Smeaton’s Tower stands on Plymouth Hoe as a memorial to its creator John Smeaton. The lighthouse originally stood on the Eddystone reef and replaced two earlier lighthouses.
The first Eddystone Lighthouse was built in 1698 by Henry Winstanley, and this was superseded by John Rudyerd’s Lighthouse of 1708.
Engineer John Smeaton designed the third of the Eddystone Lighthouses. His design was based on the shape of an oak tree and built out of Cornish granite and Portland stone. Smeaton’s design inspired the blueprint of many lighthouses.
Unlike his predecessors, John Smeaton had a civil and mechanical engineering background and was a physicist.
Born in Leeds, Smeaton became a mathematical instrument maker. He undertook many engineering projects, including the construction of Smeaton’s Pier in St Ives, Cornwall.
John Smeaton died in 1792. He was buried at Whitkirk Church in West Yorkshire, where a memorial is dedicated to him.
Smeaton developed a special form of mortar designed to set underwater. His design used interlocking blocks joined with dovetail joints and marble dowels. It was the first in the world to be constructed with such a design.
An actual size commemorative pavement can be found at the northern end of Millbay Park in Plymouth. It shows the lowest complete course of Smeaton’s lighthouse and demonstrates how the blocks dovetailed together.
Construction began on the lighthouse in 1756 at Millbay. Smeaton built a jetty and work yard in the harbour’s southwest corner to work and load the stone. The workboat was named the Eddystone and was based here, ferrying the stones out to the reef once prepared.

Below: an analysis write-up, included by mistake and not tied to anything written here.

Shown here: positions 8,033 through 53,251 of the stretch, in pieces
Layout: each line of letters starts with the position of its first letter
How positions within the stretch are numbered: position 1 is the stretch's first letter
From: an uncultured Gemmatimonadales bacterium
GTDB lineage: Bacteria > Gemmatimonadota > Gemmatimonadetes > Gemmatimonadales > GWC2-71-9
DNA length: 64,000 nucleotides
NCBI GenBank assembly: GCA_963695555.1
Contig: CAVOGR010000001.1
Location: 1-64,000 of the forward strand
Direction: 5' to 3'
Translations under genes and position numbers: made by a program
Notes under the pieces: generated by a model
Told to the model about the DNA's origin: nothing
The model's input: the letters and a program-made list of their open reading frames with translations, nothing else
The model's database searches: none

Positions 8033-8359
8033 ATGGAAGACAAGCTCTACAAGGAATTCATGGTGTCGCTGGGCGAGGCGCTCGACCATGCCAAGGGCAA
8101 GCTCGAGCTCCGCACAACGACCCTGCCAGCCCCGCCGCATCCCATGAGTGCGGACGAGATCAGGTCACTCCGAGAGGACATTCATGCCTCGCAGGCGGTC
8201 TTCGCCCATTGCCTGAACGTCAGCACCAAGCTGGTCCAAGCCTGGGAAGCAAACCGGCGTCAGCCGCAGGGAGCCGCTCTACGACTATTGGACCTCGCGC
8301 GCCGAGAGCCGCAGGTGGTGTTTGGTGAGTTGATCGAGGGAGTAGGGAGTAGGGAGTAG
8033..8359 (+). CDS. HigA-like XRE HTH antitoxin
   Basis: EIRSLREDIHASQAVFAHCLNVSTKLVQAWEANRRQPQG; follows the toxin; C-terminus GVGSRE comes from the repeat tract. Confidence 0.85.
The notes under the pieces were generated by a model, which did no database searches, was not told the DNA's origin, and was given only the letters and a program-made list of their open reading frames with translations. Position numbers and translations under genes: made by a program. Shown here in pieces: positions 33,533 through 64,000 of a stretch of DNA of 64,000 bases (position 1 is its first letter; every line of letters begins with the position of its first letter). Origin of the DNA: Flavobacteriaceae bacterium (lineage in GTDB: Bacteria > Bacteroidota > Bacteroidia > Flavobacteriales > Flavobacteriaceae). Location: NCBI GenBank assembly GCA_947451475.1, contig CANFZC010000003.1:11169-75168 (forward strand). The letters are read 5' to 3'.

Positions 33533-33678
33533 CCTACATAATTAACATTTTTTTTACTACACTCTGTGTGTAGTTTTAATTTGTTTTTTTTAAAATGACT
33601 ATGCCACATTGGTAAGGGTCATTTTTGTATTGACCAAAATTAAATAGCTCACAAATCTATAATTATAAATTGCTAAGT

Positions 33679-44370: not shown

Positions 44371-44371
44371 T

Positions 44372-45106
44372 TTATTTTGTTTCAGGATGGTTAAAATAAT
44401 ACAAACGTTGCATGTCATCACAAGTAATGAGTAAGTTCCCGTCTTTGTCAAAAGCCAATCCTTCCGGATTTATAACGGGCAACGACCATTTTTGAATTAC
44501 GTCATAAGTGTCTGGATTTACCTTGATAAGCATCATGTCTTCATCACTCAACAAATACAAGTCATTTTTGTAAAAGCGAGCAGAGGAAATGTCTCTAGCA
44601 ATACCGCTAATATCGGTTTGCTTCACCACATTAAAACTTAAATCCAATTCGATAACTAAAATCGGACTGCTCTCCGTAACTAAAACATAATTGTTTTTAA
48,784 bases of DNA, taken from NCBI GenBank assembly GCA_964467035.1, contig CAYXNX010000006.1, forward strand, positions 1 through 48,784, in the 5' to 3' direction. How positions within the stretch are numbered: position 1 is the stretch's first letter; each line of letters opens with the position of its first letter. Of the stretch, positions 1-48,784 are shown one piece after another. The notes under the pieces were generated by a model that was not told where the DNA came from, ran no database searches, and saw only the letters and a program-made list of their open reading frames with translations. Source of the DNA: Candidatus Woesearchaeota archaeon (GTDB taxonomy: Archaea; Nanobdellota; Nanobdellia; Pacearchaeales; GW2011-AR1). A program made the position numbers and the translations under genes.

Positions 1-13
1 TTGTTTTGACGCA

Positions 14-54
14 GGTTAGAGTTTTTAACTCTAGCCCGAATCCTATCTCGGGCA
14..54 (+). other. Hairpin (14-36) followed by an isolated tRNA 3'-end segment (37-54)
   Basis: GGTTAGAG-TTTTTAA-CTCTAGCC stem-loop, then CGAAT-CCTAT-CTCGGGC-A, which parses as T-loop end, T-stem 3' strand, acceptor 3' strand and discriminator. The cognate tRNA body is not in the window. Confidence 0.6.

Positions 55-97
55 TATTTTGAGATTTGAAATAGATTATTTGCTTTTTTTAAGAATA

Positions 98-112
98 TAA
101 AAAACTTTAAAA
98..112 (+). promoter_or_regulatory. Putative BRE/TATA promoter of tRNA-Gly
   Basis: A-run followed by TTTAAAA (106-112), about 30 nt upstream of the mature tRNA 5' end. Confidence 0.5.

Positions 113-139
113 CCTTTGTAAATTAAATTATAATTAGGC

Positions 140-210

The 59 feet high lighthouse was first lit on 16th October 1759, displaying 24 candles arranged in a candelabra. In 1810 parabolic reflectors and oil lamps were installed to replace the candle chandelier.
In 1841 and 1845 significant renovations were made. A new second-order fixed dioptric optic replaced the lamps and reflectors. It used lenses, prisms and refractors above and below the central lens belt. Smeaton’s Tower became the first lighthouse to use such a system.
The lighthouse stood solid for over a hundred years. However, in 1877 a survey found that the rock it stood on was starting to be undermined by erosion, causing it to shudder violently during storms.
Work began constructing a new, fourth lighthouse on a lower section of the reef alongside Smeaton’s tower. Two-thirds of Smeaton’s Tower was later dismantled and re-erected on Plymouth Hoe, where it stands today. The work was overseen by William Tregarthen Douglass, and the remaining part of the stump remains on the reef.
The current Eddystone Lighthouse, built by James Douglass came into operation in 1882.
In 1913 a small bomb was placed in Smeaton’s Tower’s doorway by suffragettes campaigning for votes for women. Fortunately, the bomb did not go off.
Smeaton’s Tower is open to the public. From the lantern, there are spectacular views across the city and the Sound. Plymouth Breakwater and the current Eddystone Lighthouse are visible on a clear day.
The lighthouse can also be hired for weddings.